Or there’s Mrs Jellyby, unconcerned with her own chaotic family (whom she leaves to take care of themselves), but obsessed with charity, though not out of love: love is a concept alien to her; but, rather, out of a desire for self-aggrandisement. Or the loathsome loan shark Smallweed. Or the demented Miss Flite, with her cage of captive birds. The sinister lawyer Tulkinghorn. The boisterous Mr Boythorne. And so on. Perhaps no other novel, not even by Dickens, is so full of such a vivid gallery of characters, for whom the term “caricature” seems somehow inadequate: these grotesques, for all their grotesqueness, are living people. Even Sir Leicester Dedlock, the contemplator of his own greatness: when the truth is revealed, and the assumptions on which his entire life had rested disintegrate, he can redeem himself morally – and, hence, take on a tragic dimension – by forgiving. But this moral redemption does not, can not, bring him happiness, or even help salve his wounds: we are far here from the simpler world of Dickens’ earlier novels in which goodness resulted in happiness. But it does allow Sir Leicester to develop into a character possessing nobility, though not the nobility that Sir Leicester had previously imagined for himself. When he had thought himself noble merely on account of his birth, he was but a caricature; but when his entire life collapses, he becomes real. Ordinary caricatures do not have the scope for development: those of Dickens do.
Perhaps best of all is Skimpole. In a novel filled with pictures of childhood betrayed, childhood abused, and childhood brutalised; of children forced by cruel circumstance to become adults; Dickens presents us with an adult who pretends to be a child. Skimpole doesn’t understand the world, not he: it is far too complex for a soul as simple and as innocent as his. Skimpole, we find, had actually trained as a doctor, but he does not practice medicine: he is far too childlike. Esther is, at first, charmed by Skimpole, but, as she matures, sees him for what he is – as yet another manifestation of the moral corruption that surrounds them all. At a strategic point in the novel, we are taken into Skimpole’s house, where he introduces Esther to his own children:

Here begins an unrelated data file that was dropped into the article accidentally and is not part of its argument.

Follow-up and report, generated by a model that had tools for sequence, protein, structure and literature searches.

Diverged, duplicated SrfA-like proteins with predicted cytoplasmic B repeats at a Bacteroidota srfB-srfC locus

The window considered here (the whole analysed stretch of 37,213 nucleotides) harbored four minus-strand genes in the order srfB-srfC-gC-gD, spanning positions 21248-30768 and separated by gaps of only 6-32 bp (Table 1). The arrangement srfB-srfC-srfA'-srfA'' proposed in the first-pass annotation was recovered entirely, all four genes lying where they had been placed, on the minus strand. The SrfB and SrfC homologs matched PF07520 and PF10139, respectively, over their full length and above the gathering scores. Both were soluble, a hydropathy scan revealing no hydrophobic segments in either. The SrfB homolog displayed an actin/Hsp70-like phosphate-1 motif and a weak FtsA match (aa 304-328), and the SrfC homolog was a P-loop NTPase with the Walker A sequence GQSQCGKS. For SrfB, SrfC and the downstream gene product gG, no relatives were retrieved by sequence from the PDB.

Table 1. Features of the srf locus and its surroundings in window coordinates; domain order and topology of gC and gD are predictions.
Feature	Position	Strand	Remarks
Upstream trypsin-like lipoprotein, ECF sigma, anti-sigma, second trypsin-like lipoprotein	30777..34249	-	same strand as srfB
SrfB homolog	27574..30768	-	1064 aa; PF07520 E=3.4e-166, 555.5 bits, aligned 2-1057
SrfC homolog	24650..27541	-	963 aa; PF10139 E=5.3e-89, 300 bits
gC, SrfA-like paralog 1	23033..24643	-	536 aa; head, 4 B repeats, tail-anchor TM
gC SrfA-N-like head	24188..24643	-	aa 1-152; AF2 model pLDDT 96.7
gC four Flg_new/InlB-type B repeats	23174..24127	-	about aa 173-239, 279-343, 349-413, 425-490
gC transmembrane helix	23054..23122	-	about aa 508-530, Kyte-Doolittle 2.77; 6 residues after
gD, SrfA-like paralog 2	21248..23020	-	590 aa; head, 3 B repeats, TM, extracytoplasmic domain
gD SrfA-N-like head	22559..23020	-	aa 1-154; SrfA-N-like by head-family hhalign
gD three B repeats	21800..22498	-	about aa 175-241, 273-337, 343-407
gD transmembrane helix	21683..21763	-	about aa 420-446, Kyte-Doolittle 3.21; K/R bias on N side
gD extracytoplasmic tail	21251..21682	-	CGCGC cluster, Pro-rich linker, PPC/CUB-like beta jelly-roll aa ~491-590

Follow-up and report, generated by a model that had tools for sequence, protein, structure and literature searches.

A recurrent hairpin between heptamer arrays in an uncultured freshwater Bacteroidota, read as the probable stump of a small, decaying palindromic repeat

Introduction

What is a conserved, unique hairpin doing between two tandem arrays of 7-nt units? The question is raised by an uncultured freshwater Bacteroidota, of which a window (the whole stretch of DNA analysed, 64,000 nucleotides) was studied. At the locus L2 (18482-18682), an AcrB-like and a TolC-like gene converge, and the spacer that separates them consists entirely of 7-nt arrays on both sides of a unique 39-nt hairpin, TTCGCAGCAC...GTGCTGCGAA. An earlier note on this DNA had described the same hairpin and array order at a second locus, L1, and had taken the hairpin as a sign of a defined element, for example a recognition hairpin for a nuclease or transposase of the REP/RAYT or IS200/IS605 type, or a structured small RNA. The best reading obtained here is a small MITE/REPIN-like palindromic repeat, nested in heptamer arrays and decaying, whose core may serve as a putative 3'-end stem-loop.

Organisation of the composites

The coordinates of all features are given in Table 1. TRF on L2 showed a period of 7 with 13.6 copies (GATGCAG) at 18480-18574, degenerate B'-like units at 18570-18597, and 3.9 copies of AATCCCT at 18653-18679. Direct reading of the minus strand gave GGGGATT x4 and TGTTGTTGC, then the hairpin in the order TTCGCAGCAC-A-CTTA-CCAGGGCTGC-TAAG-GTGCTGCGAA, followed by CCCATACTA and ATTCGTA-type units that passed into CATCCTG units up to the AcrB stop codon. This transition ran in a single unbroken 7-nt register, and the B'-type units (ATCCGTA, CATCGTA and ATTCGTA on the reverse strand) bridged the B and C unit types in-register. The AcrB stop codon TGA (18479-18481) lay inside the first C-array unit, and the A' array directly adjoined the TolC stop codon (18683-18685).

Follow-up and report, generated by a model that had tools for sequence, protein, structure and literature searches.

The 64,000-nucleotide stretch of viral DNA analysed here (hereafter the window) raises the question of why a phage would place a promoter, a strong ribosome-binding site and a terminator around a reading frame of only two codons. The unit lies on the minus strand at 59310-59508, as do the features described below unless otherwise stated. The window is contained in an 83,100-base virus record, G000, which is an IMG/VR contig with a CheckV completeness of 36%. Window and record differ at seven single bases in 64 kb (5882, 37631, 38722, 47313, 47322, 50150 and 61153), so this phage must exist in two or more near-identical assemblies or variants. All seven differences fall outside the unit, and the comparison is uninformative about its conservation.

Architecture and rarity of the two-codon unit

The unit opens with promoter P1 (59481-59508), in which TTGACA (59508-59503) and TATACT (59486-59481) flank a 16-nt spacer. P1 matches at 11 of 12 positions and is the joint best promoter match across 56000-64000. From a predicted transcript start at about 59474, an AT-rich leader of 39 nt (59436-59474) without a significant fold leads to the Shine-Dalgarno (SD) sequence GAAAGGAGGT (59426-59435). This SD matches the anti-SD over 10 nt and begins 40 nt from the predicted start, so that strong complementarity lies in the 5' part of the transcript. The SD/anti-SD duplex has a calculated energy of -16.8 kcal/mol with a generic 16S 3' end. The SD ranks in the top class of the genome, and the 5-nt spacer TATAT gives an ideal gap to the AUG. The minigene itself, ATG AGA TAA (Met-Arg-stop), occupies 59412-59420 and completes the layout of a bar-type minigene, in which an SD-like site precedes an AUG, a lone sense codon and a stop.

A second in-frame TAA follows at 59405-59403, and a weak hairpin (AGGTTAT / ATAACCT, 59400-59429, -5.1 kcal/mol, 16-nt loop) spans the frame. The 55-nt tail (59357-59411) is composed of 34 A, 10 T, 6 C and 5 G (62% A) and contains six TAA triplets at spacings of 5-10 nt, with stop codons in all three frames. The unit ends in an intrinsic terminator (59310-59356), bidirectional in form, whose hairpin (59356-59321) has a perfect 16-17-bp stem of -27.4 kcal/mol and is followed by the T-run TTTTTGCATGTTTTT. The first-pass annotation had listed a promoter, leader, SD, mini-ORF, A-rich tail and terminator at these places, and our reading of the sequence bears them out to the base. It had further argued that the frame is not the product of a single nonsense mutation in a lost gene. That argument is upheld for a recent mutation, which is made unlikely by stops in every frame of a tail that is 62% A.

“Here I am, you see!” he said, when we were seated: not without some little difficulty, the greater part of the chairs being broken. “Here I am! This is my frugal breakfast. Some men want legs of beef and mutton for breakfast; I don’t. Give me my peach, my cup of coffee, and my claret; I am content. I don’t want them for themselves, but they remind me of the sun. There’s nothing solar about legs of beef and mutton. Mere animal satisfaction!”
“This is our friend’s consulting room (or would be, if he ever prescribed), his sanctum, his studio,” said my guardian to us.
“Yes,” said Mr Skimpole, turning his bright face about, “this is the bird’s cage. This is where the bird lives and sings. They pluck his feathers now and then, and clip his wings; but he sings, he sings!”
Quiet unexpectedly, Dickens combines here the adult-child motif with a rather different one from earlier in the novel – that of Miss Flite’s captive birds, waiting for the Day of Judgement to be set free. Entire theses can be written – and, I’m sure, have been written – about Dickens’ use of symbols and motifs.
For all its comic exuberance, Bleak House remains a tragic novel. There can be no entirely happy ending. Yes, young lovers do get to marry each other – as they had done at the end of Dickens’ earlier works – but there can be no happy-ever-after: life is too complex to allow for that. It is too inscrutable. There are signs and symbols a-plenty – if only we knew how to interpret them.